Fritas (Cuban Hamburgers)

Hey all,

Roberto Guerra from La Caja China was kind enough to share this recipe with me. I grilled these up on the Cajita and they were awesome!

The seasoned curly fries (my version of  julienne potatoes) gave a nice crunch, and the chorizo adds a spicy kick that takes this burger over the top!

This is, hands down, one of the best burgers I’ve ever had.

Here’s the recipe, just click on the thumbnails for larger images:

Oh, and you can find this, and many more, step-by-step recipes in my cookbooks, La Caja China Cooking, and MEAT FIRE GOOD, as well.


Cuban Fritas

Recipe by Roberto Guerra

This Cuban burgers are great to cook on the top grill while you roast the pig inside the box. The chorizo really make it special.

4 lb ground beef
2  lbs ground chorizo
2 lb ground pork
¾ C milk
¾ C bread crumbs
1 tsp paprika
3 Tbs minced onion
2 eggs
4 tsp salt
1 tsp Worcester sauce
½ tsp black pepper

Combine all the ground meat and chorizos.

Soak bread crumbs in milk, beat eggs and add to the milk together with all the remaining ingredients.

Add to the meat mixture and mix well using the hands. Shape into medium hamburgers, and place them in the fridge for a couple of hours.

Grill over hot coals, about 5 minutes per side. Keep a spray bottle handy, as the chorizo can cause impressive flare-ups.

Serve on medium size rolls topped with julienne potatoes.

PS – I also tossed a handful of oak chips on the coals about 5 minutes before grilling…’cause I could.

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7 Comments

Filed under On The Grill Recipes

7 responses to “Fritas (Cuban Hamburgers)

  1. di

    Too bad I don’t like chorizo. Looks good, though.

  2. di

    On another note, I made Poppy’s Sourdough Waffles this morning for some girls at church. They were yummy. The girls liked ’em. Only one of them had had sourdough’s before. She has a heritage like mine–her grandpa got his started in Alaska about 80 years ago, too!
    When I give you some starter, I’ll give you a copy of my grandpa’s letter about sourdough with his waffle/pancake recipe. If you want a GREAT book about sourdough, look for “Alaska Sourdough” by Ruth Allman. I warn you–it’s out of print but really good with a lot of Alaskan history.
    I see you’re posting about Head Cheese. EWWW! Stinky.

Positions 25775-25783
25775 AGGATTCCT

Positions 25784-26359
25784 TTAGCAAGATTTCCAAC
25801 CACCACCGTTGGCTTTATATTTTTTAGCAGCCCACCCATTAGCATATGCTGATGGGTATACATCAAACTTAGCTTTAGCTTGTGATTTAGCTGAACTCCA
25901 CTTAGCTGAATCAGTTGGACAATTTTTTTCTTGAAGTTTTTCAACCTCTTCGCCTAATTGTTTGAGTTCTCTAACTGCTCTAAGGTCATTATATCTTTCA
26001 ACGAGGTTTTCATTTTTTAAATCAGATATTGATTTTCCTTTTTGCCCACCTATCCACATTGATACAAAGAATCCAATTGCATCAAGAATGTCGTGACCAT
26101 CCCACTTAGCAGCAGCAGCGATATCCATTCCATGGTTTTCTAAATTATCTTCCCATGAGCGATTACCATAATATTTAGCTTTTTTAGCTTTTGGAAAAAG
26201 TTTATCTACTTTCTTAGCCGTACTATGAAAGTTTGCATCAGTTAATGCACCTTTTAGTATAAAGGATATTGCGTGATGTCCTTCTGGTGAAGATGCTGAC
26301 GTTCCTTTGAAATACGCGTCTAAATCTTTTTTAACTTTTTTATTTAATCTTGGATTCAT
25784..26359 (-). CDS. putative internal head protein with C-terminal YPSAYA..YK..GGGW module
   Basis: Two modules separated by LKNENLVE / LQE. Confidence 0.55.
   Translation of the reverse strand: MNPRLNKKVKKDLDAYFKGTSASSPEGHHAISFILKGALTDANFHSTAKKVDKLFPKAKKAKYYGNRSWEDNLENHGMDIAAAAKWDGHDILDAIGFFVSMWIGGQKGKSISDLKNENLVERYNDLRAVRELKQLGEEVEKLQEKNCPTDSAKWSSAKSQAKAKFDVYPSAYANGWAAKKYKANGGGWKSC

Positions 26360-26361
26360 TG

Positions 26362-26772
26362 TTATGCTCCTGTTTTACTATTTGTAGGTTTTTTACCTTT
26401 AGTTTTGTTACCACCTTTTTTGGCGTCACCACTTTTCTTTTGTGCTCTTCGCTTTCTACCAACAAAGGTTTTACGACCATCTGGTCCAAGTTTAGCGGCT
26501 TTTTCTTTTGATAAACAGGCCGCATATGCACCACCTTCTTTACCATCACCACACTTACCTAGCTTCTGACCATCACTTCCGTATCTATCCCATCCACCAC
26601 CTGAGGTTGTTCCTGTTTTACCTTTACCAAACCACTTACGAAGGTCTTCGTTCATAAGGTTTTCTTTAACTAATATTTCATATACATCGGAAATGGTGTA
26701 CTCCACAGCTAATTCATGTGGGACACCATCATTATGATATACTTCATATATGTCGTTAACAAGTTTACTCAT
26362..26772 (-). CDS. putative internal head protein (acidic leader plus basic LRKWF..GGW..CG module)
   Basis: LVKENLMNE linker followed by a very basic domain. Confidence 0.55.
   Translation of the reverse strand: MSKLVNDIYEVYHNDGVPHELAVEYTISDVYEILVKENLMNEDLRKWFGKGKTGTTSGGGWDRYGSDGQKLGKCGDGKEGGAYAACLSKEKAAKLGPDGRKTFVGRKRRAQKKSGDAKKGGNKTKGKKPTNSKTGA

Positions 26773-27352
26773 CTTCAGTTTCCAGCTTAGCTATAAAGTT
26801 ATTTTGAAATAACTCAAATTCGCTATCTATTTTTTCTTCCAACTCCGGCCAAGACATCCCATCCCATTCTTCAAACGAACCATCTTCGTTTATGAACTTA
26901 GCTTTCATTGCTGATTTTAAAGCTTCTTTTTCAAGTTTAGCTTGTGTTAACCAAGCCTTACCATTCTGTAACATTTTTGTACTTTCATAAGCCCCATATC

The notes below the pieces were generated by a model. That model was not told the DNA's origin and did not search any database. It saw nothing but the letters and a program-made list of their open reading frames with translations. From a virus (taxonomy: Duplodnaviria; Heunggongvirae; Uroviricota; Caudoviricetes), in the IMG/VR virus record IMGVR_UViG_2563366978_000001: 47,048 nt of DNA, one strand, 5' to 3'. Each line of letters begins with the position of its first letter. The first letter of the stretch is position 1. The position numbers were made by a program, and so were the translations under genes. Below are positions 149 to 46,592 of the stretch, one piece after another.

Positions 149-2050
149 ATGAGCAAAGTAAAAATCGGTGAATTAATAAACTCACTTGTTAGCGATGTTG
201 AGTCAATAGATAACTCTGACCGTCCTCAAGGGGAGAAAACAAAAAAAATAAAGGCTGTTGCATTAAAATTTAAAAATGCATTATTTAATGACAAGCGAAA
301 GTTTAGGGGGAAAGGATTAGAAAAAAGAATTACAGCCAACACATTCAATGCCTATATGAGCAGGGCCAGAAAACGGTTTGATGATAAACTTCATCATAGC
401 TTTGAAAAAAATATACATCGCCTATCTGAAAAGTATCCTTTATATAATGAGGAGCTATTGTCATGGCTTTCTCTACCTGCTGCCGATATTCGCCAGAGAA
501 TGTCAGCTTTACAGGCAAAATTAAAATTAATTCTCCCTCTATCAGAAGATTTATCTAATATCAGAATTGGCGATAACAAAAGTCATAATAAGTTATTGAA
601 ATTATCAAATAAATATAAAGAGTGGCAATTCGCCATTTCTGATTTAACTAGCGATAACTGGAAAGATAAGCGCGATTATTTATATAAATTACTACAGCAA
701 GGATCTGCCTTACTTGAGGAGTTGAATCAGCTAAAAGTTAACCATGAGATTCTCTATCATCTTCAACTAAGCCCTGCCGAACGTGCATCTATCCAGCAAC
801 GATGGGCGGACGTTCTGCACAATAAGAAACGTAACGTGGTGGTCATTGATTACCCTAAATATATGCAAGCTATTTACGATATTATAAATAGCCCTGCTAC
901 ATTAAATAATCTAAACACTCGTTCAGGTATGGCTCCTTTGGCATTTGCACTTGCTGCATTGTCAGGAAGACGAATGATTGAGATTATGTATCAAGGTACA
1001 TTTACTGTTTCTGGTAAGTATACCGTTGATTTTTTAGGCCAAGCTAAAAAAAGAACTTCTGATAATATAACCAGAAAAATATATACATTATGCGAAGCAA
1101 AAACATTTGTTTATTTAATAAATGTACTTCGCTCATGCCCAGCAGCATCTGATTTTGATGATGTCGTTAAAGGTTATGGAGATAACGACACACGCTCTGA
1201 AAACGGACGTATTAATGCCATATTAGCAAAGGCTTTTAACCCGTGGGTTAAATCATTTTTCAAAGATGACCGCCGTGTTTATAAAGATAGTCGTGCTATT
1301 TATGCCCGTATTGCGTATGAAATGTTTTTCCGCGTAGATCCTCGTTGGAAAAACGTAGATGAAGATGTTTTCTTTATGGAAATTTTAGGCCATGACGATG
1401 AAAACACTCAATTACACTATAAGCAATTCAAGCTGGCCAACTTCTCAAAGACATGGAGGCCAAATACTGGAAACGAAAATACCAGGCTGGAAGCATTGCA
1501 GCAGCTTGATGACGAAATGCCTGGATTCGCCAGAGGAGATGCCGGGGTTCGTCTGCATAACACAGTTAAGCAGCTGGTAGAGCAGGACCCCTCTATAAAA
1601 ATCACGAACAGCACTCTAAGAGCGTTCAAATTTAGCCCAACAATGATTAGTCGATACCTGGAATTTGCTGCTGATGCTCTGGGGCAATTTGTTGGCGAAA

di

  3. I love the taste of choizo, but it doesn’t agree wit me (severe understatement, lol) I’m working of a “mild” chorizo recipe that will, hopefully have the same flavor, a bit less heat, and WAY less fat.

    This would be pretty awesome with sweet Italian sausage in place of the chorizo, as well.

  4. This Author?

    http://search.barnesandnoble.com/Canaan-Valley-and-the-Black-Bear/Ruth-Cooper-Allman/e/9780870122200/?itm=1&USRI=ruth+allman

    Just ordered the book you mentioned, like new, from Amazon for $5…they have a TON of copies…no ebook, tho! Grr.

    -P

  5. I have been making Paella lately and using Spanish chorizo which is heavy on Spanish smoked paprika. I love mexican chorizo, but haven’t found good recipes online that clearly differentiate between the two. Is cuban chorizo different than the other two? Got any recipes you’d like to share or links?

    Thanks,
    Brian

  6. Brian, found it!

    “There is a big difference between Spanish or Cuban chorizo and Mexican chorizo. Mexican chorizo has a grainier texture and tends to fall apart when you split the casing where as Cuban chorizo has more of a solid sausage texture.”

    http://lpoli.50webs.com/index_files/Chorizo-Cuban.pdf

    Also, it looks like Cuban chorizo has no hot peppers, and lots of fresh cilantro.

    I didn’t realize there was a difference either. Going to start revamping my recipe now, maybe a hybrid of the two (I want SOME heat, lol!)

    Thanks!

    -Perry

  7. Thanks P! That is an interesting recipe. The Spanish chorizo I have used in Paella were dried and hard like pepperoni. The brand I used (can’t remember the name)was made with a thick, smoky paprika and it really influenced the flavor of the dish. Good, but almost too much. Here’s a recipe I found for Mexican chorizo. It uses Guajillo chiles which I;ve never heard of before. After reading about them I will seek them out for this recipe. They are close to jalapenos in heat, but are sweeter and fruitier and popular in mole’. It is alos interesting that the main difference between these two recipes is the chiles and the cilantro.

    Mexico
    Mexican Sausage (Chorizo)
    6 ounces chiles guajillos
    2/3 cup vinegar
    5 garlic cloves, peeled
    2 pounds ground pork
    1 tablespoon paprika
    2 teaspoons dried oregano
    1 teaspoon salt
    1/2 teaspoon ground cumin
    1/2 teaspoon ground coriander
    1/2 teaspoon black pepper
    1/2 teaspoon ground allspice

    Wipe the chiles clean. Remove stems, then cut lengthwise. Remove seeds, and place in a small bowl. Cover with hot water and let sit for 30 minutes. Discard water and place the chiles in a blender jar. Add the vinegar and garlic cloves and purée until smooth; set aside.

    Place the pork in a large bowl. Add the paprika, oregano, salt, cumin, coriander, pepper, and allspice. Mix well. Add the chili sauce and combine well. Stuff into casings, or fry as patties.

    Read more: Recipe: Mexican Sausage (Chorizo) http://www.globalgourmet.com/destinations/mexico/chorizos.html#ixzz0vllbjdA5

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